France’s first reactor went critical as early as 1948. Pierre Mendès France, president of the council of ministers, gave the order to start building bombs in December 1954. As it built its nuclear arsenal, Paris sold material assistance to other aspiring weapons states. At Dimona, French engineers poured in to help build Israel a nuclear reactor and a far more secret reprocessing plant capable of separating plutonium from spent reactor fuel. This was the real giveaway that Israel’s nuclear program was aimed at producing weapons.

By the end of the 50s, there were 2,500 French citizens living in Dimona, transforming it from a village to a cosmopolitan town, complete with French lycées and streets full of Renaults, and yet the whole endeavor was conducted under a thick veil of secrecy.

The British were kept out in the dark, being told that the huge construction site was a desert grasslands research institute and a manganese processing plant. The Americans, also kept in the dark by both Israel and France, flew U2 spy planes over Dimona in an attempt to find out what they were up to.

The Israelis admitted to having a reactor but insisted it was for entirely peaceful purposes. They claimed the spent fuel was sent to France for reprocessing, even providing film footage of it supposedly being loaded onto French freighters. Throughout the 60s, it flatly denied the existence of the underground reprocessing plant that was churning out plutonium for bombs.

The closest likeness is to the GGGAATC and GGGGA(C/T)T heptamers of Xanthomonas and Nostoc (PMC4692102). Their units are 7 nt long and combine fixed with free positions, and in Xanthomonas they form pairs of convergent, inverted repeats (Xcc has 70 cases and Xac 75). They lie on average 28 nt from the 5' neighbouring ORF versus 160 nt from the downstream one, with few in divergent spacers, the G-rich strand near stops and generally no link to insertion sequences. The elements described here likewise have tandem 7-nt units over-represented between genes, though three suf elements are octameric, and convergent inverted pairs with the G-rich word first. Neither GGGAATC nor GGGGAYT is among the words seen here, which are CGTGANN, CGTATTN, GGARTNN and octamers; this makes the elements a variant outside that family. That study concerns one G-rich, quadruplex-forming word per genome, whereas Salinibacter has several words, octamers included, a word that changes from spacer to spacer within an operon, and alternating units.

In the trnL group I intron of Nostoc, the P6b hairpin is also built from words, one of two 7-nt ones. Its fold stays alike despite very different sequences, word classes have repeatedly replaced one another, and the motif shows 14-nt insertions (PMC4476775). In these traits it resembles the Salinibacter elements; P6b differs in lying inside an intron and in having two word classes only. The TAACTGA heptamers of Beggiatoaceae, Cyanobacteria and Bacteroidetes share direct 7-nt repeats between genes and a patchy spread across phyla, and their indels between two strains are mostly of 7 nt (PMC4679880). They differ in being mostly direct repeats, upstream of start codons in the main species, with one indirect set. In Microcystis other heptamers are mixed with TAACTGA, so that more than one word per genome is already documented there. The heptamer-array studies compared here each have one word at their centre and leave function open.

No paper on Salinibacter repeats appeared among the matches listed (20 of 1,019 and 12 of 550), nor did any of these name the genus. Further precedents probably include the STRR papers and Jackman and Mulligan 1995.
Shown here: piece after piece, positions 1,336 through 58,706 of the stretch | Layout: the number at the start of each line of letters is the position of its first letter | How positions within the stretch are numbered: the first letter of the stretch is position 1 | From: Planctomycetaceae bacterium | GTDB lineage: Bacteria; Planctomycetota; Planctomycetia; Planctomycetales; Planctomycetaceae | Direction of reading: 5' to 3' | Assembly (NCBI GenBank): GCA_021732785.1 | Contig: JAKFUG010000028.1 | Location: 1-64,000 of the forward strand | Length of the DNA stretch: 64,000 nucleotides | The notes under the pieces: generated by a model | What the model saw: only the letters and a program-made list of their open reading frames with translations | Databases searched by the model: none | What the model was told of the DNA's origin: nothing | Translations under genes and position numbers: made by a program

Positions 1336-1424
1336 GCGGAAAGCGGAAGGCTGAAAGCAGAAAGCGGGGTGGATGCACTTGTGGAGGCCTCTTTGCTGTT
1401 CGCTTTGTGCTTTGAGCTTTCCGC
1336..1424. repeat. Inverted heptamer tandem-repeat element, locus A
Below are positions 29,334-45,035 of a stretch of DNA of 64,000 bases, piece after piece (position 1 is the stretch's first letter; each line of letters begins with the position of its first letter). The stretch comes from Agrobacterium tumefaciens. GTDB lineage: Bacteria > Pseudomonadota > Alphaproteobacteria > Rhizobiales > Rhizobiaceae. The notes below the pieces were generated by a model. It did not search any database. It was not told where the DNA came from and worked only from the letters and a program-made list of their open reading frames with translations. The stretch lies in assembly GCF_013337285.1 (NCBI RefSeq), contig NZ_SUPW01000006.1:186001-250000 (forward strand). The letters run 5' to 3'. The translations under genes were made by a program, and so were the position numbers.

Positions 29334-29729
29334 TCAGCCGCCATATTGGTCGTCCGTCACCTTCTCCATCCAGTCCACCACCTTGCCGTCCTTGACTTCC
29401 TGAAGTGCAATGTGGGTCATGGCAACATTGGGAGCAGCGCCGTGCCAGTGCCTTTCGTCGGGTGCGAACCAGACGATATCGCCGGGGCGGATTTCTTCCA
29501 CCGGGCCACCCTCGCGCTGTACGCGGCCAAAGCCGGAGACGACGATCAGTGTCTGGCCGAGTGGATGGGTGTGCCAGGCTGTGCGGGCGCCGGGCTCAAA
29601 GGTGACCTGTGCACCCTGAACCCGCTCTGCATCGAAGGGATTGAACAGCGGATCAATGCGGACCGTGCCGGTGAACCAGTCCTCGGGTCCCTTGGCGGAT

Israel refused to countenance inspections by the International Atomic Energy Agency (IAEA), so in the early 1960s, President Kennedy demanded they accept American inspectors. U.S. physicists were dispatched to Dimona but were given the ? run-around from the start. The lead American inspector, Floyd Culler, an expert on plutonium extraction, noted in his reports that there were newly plastered and painted walls in one of the buildings. It turned out that before each American visit, the Israelis had built false walls around the row of elevators that descended six levels to the subterranean reprocessing plant.

As more and more evidence of Israel’s weapons program emerged, the U.S. role progressed from unwitting dupe to reluctant accomplice. In 1968, CIA director Richard Helms told President Johnson that Israel had indeed managed to build nuclear weapons and that its air force had conducted sorties to practice dropping them.

The timing could not have been worse. The NPT, intended to prevent too many nuclear genies from escaping from their bottles, had just been drawn up, and if news broke that one of the supposedly non-nuclear-weapons states had secretly made its own bomb, it would have become a dead letter that many countries, especially Arab states, would refuse to sign.

The Johnson White House decided to say nothing, and the decision was formalized at a 1969 meeting between Richard Nixon and Israeli Prime Minister Golda Meir. In fact, U.S. involvement went deeper than mere silence.

At a meeting in 1976 then-CIA deputy director Carl Duckett informed a dozen officials from the U.S. Nuclear Regulatory Commission that the agency suspected some of the fissile fuel in Israel’s bombs was weapons-grade uranium stolen under America’s nose from a processing plant in Pennsylvania. Not only was an alarming amount of fissile material going missing at the company, Nuclear Materials and Equipment Corporation, but it had been visited by a veritable who’s-who of Israeli intelligence, including Rafael Eitan, a top Mossad operative.